Further the verb "Repent" is active imperative meaning it is a command. The definition of the word means literally "perceive afterward" implying a change of one's mind or purpose. 4   Vincent collaborates this meaning saying it refers "to think differently afterward." 5   Thus, Peter was commanding the Jews to perceive again and rethink and turn from their pervious action of rejecting Jesus Christ as their Messiah. (See v36-37) Peter eloquently presented the irrefutable evidence from the Old Testament that Jesus of Nazareth was the Messiah. He showed these Jews that Jesus absolutely fulfilled all the Old Testament prophecies concerning the promised Messiah. The Jews in hearing this were "pricked" or stunned by the realization that Peter was right and they had made a terrible mistake. They then asked Peter, "What shall we do?"
You cannot ignore who was asking the question or the circumstances of those asking and understand Peter's statement. It was the Jews of Jerusalem that Peter addressed and the situation was that about fifty days earlier they had consented to Jesus' crucifixion. These Jews had taken part in crucifying their Messiah! The event of Jesus' crucifixion followed Jesus' three year ministry in Israel in preaching repentance, salvation through faith, and presenting Himself as the promised Messiah. There were no Gentiles present and therefore contextually Peter's response must be accepted as applying to these Jews in the context of their current circumstances.
One must understand the statement as a Jerusalem Jew would understand it. Peter said to these Jews, "Repent ye and be baptized everyone of you in the name of Jesus Christ." We must look back into the events of Jesus' ministry to properly understand Peter's statement. Here lies the key to understanding this statement. When John the Baptist appeared on the scene some three years earlier he announced and declared that Jesus was the Christ the Son of God. He proclaimed that Jesus was the "Lamb of God that will take away the sins of the world." (John 1:29) John the Baptist preached "Repent for the Kingdom of God is at hand."6   Those that turly repented turned from their sins and submitted to baptism in anticipation of coming of the promise Kingdom. They were identifying themselves with the coming promised Messiah and His kingdom. Their submitting to baptism was an outward testimony that they had repented in their hearts and were looking for their Messiah. They were not baptized to be saved or to enter into the promised Kingdom. Baptism therefore was a sign of their belief and faith in God. Baptism did not change them spiritually, but publicly demonstrated their belief.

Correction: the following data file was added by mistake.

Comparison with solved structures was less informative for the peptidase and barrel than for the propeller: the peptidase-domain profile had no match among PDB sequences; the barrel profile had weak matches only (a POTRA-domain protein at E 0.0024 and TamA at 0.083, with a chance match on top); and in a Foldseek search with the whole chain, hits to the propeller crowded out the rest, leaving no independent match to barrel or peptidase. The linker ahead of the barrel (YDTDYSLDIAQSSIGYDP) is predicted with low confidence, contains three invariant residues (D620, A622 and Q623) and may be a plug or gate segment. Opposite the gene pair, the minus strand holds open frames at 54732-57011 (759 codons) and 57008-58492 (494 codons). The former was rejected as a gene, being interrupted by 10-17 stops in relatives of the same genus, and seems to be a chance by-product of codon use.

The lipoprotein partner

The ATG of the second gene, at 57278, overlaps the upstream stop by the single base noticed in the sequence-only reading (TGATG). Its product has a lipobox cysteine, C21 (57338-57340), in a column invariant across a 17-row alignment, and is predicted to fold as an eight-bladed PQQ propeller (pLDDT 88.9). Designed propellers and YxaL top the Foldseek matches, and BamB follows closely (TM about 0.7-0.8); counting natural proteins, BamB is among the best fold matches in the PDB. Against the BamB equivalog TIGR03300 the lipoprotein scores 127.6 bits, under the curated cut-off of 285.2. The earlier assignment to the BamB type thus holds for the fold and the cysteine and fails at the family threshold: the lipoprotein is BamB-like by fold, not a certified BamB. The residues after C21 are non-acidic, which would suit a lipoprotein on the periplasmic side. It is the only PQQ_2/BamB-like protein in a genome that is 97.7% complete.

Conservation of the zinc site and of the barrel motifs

The Kingdom of Heaven is the kingdom that God repeatedly and in great detail, promised the Nation of Israel. The kingdom would come with the appearance of the Messiah or Savior of Israel. Israel was under the heavy hand of the Roman domination. They were captives in their own land and subjects of Romans who were oppressing them. Thus, when John the Baptist began to preach it caused a stir among the Jews.
John not only preached repentance in preparation of the coming kingdom, but he baptized those that repented and presented themselves. Jewish baptism or immersion began long before John the Baptist. The ritual involved the use of a Mikvah (or mikveh) which is a specially constructed pool of water used for total immersion in a purification ceremony within Judaism. Prior to John the Baptist the only people who were baptized were Gentile proselytes to Judaism and the ceremony is called a "tevillah." Throughout Israel's history ceremonial washings by immersion was done by the High Priest before he entered the Holy of Holies on the Day of Atonement. This ceremonial washing was also practiced by those participated in the Temple worship. Pilgrims and worshipers would enter a mikveh (baptismal pool) and dip themselves before entering the Temple. Immersion in the mikveh would show the convert's transition between his old identity and his new identity as a Jew. In other words, immersion in water symbolized birth as a Jew. 7 There were many mikvahs around the Temple in Jerusalem in Jesus' day which were used for this purpose. Josephus wrote that the laws of the rite of immersion were strictly followed in Temple worship. 8   However, these washings were not the same as John's baptism. John was doing something completely new among the Jews.